Dr. Sarmago’s research efforts in the field of superconductivity were likewise recognized by the Council, as well as the international scientific communitywherein his original contributions have been well cited. His works are extended to future applications.

Fromthe field of Chemistry of Natural Products; the Council acknowledged Dr. Aguinaldo’sinvaluable contribution to the structure elucidation of anti-mycotic substances from medicinal plants. She was also exemplary as a mentor, school administrator, and officer/member of professional organizations.

As well, Dr. Kintanar-Alburo’s significant contributions to the field of cultural research, specifically on Philippine literature and language, folklore, and history, were specially noted by the Council, Her researches on Cebuano studies inspired other researchers to undertake similar studies. The books she edited, including literary anthologies with translations and dictionaries of indigenous arts, have provided teachers with instructional materials.

From the field of earth science in the Philippines, the Council recognized Dr. Marquez for his outstanding work in the area of micropaleontology (radiolaria and benthic foraminifera).  His researches, published in local and international peer-reviewed journals, have contributed to the understanding of the geologic history of the Philippines. His mentorship to his students upheld the need for environmental awareness in the Philippines.

The Council ctedDr. Olvedafor being the principal investigator of two prestigious research grants from the World Health Organization/TDR-Rockefeller Foundation North-South for schistosomiasis; and the Tropical Medicine Research Center grant from the US National Institute of Health (NIH) for schistosomiasis, malaria, and leprosy.  Under his leadership,  the first Good Manufacturing Practices Certified Vaccine Production Plant at RITM  was established. The plant can produce locally-affordable and high quality vaccines.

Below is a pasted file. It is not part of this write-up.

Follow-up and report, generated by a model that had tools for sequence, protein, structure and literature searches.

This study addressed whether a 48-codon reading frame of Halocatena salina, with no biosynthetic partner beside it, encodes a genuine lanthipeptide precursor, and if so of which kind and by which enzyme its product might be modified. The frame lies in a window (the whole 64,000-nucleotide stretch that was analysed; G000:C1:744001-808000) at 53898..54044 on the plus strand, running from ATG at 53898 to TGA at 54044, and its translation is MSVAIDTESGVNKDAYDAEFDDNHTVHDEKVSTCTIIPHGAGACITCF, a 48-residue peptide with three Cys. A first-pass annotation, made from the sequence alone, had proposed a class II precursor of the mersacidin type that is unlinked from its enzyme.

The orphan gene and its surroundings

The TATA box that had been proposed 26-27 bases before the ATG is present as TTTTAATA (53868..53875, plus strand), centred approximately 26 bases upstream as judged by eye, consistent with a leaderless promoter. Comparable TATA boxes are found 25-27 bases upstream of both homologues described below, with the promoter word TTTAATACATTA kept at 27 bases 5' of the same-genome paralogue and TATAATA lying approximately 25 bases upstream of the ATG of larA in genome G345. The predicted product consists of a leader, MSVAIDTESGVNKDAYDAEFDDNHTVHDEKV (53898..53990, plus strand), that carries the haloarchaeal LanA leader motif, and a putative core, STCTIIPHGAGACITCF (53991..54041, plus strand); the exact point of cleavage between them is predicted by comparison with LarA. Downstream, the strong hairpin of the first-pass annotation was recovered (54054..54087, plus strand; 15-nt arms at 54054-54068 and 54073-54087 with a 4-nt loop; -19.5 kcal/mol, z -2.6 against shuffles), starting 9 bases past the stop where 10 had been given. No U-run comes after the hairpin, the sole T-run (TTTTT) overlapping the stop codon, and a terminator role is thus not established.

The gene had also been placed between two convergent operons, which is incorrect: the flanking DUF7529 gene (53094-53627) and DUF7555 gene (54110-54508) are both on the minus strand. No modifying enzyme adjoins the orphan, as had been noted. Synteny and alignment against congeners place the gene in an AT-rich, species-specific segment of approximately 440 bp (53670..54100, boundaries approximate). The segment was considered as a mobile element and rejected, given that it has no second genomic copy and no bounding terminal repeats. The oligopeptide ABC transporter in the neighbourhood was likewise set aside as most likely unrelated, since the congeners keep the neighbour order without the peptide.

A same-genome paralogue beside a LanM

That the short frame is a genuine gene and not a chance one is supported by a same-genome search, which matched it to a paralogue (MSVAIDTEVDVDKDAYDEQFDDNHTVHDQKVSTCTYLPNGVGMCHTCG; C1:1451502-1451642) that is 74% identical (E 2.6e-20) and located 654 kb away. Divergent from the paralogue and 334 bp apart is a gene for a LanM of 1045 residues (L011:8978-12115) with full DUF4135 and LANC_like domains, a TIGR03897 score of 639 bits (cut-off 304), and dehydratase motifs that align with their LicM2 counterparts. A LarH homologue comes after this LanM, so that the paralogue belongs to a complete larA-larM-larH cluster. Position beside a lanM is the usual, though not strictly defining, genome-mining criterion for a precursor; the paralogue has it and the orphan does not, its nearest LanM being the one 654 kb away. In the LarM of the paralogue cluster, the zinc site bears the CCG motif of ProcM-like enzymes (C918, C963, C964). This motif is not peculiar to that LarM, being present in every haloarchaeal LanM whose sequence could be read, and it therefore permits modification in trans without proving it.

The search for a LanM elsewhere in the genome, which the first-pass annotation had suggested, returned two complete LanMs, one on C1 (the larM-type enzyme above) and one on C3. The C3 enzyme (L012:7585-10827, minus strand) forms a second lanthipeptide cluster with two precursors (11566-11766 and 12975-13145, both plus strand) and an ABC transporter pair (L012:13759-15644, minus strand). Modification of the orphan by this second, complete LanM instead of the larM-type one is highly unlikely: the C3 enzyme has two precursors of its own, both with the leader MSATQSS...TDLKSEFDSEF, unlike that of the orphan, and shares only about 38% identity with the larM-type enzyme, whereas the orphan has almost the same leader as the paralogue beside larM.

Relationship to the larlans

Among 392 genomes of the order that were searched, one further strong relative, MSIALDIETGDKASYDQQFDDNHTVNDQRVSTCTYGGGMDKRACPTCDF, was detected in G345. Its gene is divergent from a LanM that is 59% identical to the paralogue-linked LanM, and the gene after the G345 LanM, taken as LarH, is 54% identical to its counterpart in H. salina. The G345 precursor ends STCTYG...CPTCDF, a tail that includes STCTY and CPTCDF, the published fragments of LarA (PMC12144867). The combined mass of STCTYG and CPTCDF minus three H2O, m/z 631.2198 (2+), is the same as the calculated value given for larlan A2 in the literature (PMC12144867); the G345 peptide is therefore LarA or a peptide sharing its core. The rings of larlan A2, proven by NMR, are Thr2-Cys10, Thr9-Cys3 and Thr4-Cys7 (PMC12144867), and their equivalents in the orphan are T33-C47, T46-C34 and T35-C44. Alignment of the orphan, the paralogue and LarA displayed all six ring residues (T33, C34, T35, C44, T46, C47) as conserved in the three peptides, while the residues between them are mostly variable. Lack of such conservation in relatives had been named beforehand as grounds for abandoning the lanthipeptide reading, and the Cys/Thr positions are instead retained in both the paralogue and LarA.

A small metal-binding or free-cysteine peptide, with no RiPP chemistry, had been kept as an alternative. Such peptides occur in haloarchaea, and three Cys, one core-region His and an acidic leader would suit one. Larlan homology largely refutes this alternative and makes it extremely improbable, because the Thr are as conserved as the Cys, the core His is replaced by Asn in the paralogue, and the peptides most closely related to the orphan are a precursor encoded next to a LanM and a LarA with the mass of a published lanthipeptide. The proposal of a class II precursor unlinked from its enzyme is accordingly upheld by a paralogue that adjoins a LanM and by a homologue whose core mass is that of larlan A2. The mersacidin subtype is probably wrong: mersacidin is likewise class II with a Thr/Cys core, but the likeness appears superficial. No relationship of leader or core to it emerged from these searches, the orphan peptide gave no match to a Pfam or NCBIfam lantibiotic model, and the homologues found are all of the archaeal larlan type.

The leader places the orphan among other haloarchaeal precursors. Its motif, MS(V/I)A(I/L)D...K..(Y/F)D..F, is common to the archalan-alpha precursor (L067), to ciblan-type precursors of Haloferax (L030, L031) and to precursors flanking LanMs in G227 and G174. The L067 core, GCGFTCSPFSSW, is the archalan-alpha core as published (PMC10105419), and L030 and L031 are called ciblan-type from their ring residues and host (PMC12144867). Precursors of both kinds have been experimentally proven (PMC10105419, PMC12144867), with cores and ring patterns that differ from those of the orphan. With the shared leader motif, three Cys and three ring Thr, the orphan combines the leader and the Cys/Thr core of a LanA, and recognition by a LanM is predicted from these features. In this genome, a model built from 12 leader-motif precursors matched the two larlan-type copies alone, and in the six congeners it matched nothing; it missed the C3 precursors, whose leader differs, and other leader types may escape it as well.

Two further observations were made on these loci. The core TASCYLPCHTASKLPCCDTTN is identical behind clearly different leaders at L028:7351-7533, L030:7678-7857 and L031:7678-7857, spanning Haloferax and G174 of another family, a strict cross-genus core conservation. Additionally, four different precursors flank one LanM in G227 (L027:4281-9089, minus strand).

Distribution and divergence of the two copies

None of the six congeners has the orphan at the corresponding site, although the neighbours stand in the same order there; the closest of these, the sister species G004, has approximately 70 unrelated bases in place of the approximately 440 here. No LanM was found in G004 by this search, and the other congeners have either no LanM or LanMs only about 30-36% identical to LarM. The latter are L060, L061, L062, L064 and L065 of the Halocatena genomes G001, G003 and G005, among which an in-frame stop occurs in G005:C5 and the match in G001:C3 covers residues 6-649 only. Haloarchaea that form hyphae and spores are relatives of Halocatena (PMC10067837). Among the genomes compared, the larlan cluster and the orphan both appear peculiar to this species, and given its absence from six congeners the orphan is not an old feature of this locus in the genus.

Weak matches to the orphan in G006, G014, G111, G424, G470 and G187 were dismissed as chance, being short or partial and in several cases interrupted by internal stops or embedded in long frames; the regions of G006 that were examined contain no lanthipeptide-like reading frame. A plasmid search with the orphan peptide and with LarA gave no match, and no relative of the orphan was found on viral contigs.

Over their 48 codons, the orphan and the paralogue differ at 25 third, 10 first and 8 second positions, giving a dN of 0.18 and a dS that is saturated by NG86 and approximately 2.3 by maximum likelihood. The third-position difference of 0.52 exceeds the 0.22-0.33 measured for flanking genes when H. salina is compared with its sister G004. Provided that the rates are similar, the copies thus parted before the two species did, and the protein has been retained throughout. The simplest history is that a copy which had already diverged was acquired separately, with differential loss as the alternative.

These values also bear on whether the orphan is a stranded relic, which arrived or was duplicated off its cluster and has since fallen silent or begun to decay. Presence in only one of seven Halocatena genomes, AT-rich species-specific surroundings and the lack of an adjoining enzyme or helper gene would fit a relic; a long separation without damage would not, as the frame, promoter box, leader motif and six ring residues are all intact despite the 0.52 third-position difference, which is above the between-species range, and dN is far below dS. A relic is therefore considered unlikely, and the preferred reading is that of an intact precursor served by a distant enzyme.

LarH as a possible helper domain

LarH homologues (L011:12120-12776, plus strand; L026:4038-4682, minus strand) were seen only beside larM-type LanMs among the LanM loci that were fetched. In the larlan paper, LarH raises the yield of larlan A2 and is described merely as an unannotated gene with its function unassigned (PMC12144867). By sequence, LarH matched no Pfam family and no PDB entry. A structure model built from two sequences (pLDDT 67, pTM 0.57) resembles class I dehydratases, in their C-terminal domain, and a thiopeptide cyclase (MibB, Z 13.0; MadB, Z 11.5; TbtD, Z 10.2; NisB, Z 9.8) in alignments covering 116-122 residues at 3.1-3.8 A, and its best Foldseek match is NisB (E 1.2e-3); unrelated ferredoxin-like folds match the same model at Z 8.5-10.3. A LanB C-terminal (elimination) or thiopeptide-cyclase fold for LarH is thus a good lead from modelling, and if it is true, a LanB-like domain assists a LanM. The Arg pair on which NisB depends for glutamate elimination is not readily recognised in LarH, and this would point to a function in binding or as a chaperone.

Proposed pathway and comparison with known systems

Dr. Masangkay. meanwhile, had significant contributions in the field of veterinary medicine, specifically on laboratory animal genetics and wildlife animal pathology in the Philippines. His researches on these groups have provided valuable information on the protection, conservation and proper use of animals as laboratory models in biochemical research.

The NRCP, which was established in 1933, is now considered as theoldest scientific collegial body in the country and in the Asia Pacific.  From the 144 pioneering scientists, NRCP how has 2,809 member researchers, scientists, and technologists spread over the 13 NRCP Scientific Divisions, based in the official and latest tally on membership here and abroad.

Tablea manufacturer gets help for expansion from DOST SETUP

By Luisa S. Lumioan, S&T Media Service

METRO MANILA—Life proved to be sweeter for chocolate manufacturer Lulu Panopio when she acquired a manufacturing equipment for her business through the assistance of the  Department of Science and Technology (DOST)  Science and Technology’s Small Enterprise Technology and Upgrading Program (SETUP).

Panopio's company named JAMLA produces the local cacao chocolate brand, Alfonso's hot chocolate tablea, named after the family patriarch. The tablea is cooked to make the Spanish-inspired drink tsokolate-a and Filipino merienda champorado.

The popularity of Alfonso's chocolate tablets has earned it a reputation from being one of the best tablea products in Cavite and is often part of the “One Town One Product” (OTOP) exhibits of the Department of Trade and Industry.